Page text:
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One of the most common questions I get asked in my practice is

How can I stay calm and centered with everything going on?

The short answer is by bringing awareness to the breath. Becoming aware of the breath or learning to breath consciously seems to be consistently helpful with myself and almost all my patients.

Sometimes we just need a breather

Let me show you how to get the most out of it with this simple exercise.

When we get too busy and flustered we often forget to breathe

...and just be in the moment. When we stand back and become aware of our breathing, it helps to calm the body and mind. This calmness helps us be more aware of our thoughts and feelings and not get swept away by them.

Mindful breathing helps to relieve tension and restore energy. It’s the perfect antidote to stress. The breath anchors us, reminds us to get out of our minds/thoughts and tune in to our bodies – so we can bring awareness and feeling to our experiences.

As breaths come and go, they teach you to let go and go with the flow. And the same could be said about your life, the events also come and go. Nothing stays constant. Everything is changing. It is not possible to control everything and be perfect.

If you pay attention to your breath you can use it to get used to change

Most of us take our breath for granted, usually breathing 12-16 times every minute without being aware of it. The only two times we usually start noticing it are when something happens to prevent us from breathing normally or when we start meditating or being mindful.

Notice how the rhythm of your breathing varies continuously. When we are upset, anxious or exercising our breathing speeds up,when we are relaxed or sleeping, it slows down.

When you start paying attention to your breathing on a regular basis, your relationship to it changes dramatically. Try this now: breath shallowly and see how you feel – then breath deeply and feel the difference.

Breathing consciously is easy and convenient. It can be learned and practiced easily as opposed to other functions like maintaining a slow heart rate or low blood pressure.

Here are 2 easy breathing exercises you can do anywhere

Abdominal Breathing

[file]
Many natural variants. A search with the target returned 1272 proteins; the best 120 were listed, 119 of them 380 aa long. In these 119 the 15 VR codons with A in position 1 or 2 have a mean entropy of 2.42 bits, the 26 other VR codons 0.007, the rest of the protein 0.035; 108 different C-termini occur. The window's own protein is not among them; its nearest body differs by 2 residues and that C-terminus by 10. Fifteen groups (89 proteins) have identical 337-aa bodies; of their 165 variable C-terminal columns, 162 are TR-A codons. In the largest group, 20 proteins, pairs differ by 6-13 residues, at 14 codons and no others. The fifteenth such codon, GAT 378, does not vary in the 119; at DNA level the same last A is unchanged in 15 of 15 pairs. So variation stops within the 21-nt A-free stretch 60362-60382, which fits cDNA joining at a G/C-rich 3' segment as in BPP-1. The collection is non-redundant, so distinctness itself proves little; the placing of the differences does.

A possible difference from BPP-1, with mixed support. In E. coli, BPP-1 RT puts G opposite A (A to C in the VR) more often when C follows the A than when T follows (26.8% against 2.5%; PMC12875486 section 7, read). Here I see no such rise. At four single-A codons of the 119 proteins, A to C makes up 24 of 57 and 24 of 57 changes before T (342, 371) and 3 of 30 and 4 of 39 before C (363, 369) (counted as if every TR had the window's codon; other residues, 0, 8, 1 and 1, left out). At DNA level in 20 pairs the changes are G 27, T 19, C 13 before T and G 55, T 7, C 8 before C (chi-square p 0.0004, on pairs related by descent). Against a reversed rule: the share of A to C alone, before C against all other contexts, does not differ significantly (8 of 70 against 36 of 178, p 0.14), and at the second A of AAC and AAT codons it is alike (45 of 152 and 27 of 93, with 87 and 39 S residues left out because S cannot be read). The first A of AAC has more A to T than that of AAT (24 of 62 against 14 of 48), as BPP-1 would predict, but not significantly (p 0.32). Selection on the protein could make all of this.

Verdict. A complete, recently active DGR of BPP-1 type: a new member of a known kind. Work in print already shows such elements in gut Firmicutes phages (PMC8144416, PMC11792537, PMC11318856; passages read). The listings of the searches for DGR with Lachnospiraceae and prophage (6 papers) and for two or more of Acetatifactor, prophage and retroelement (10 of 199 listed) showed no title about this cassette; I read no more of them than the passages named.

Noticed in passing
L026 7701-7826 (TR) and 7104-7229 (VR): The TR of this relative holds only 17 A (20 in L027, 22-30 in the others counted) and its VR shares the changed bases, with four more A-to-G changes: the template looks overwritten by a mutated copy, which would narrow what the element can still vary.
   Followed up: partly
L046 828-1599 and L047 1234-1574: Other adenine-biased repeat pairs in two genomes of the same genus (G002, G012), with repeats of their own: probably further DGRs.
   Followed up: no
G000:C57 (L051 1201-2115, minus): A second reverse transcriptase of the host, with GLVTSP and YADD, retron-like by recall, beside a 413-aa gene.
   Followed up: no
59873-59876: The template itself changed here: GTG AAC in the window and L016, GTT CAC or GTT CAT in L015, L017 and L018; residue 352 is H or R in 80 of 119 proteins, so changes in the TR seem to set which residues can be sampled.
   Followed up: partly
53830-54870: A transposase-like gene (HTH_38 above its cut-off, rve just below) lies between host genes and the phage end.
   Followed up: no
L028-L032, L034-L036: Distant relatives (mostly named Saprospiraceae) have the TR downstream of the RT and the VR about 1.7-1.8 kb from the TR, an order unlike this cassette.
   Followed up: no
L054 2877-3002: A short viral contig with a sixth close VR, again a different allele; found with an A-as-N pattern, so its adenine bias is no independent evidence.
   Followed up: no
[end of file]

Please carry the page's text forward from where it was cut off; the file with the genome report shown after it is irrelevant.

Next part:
1. Find a quiet spot where you won’t be disturbed.
  2. Get into a relaxed position whether lying down (better) or sitting up.
  3. Put your hands on your abdomen
  4. Close your mouth gently and touch your tongue to your upper palate and breath through your nose. If your nose is blocked for any particular reason it is fine to breath through your mouth.
  5. Inhale deeply and slowly, being aware of your diaphragm moving downward and your abdomen expanding. Your hands on your abdomen will feel the expansion like a balloon filling.
  6. At the end of the inhalation, don’t hold the breath – let your abdomen fall automatically as you exhale.
  7. Try get all the breath out of your lungs on the expiration. The expiration should normally be about twice as long as the inhalation when you are relaxed.
  8. Keep repeating this, keeping your focus on your hands rising on the abdomen with inhalation and falling with expiration.

Breathing to Release Tension

  1. Find a comfortable position.
  2. Do 10 abdominal breaths.
  3. Then with your next inhalation, think of a tense area of your body eg a tight neck or lower back, your head or your buttocks – wherever you may feel pain or tension - and breath into it by imagining your breath expanding into and nourishing that area.
  4. Then, with the exhalation, release the tension from that area, by purposefully, intentionally, letting it go – out your nose – with the air.
  5. Keep repeating this until the pain or tension starts to ease.

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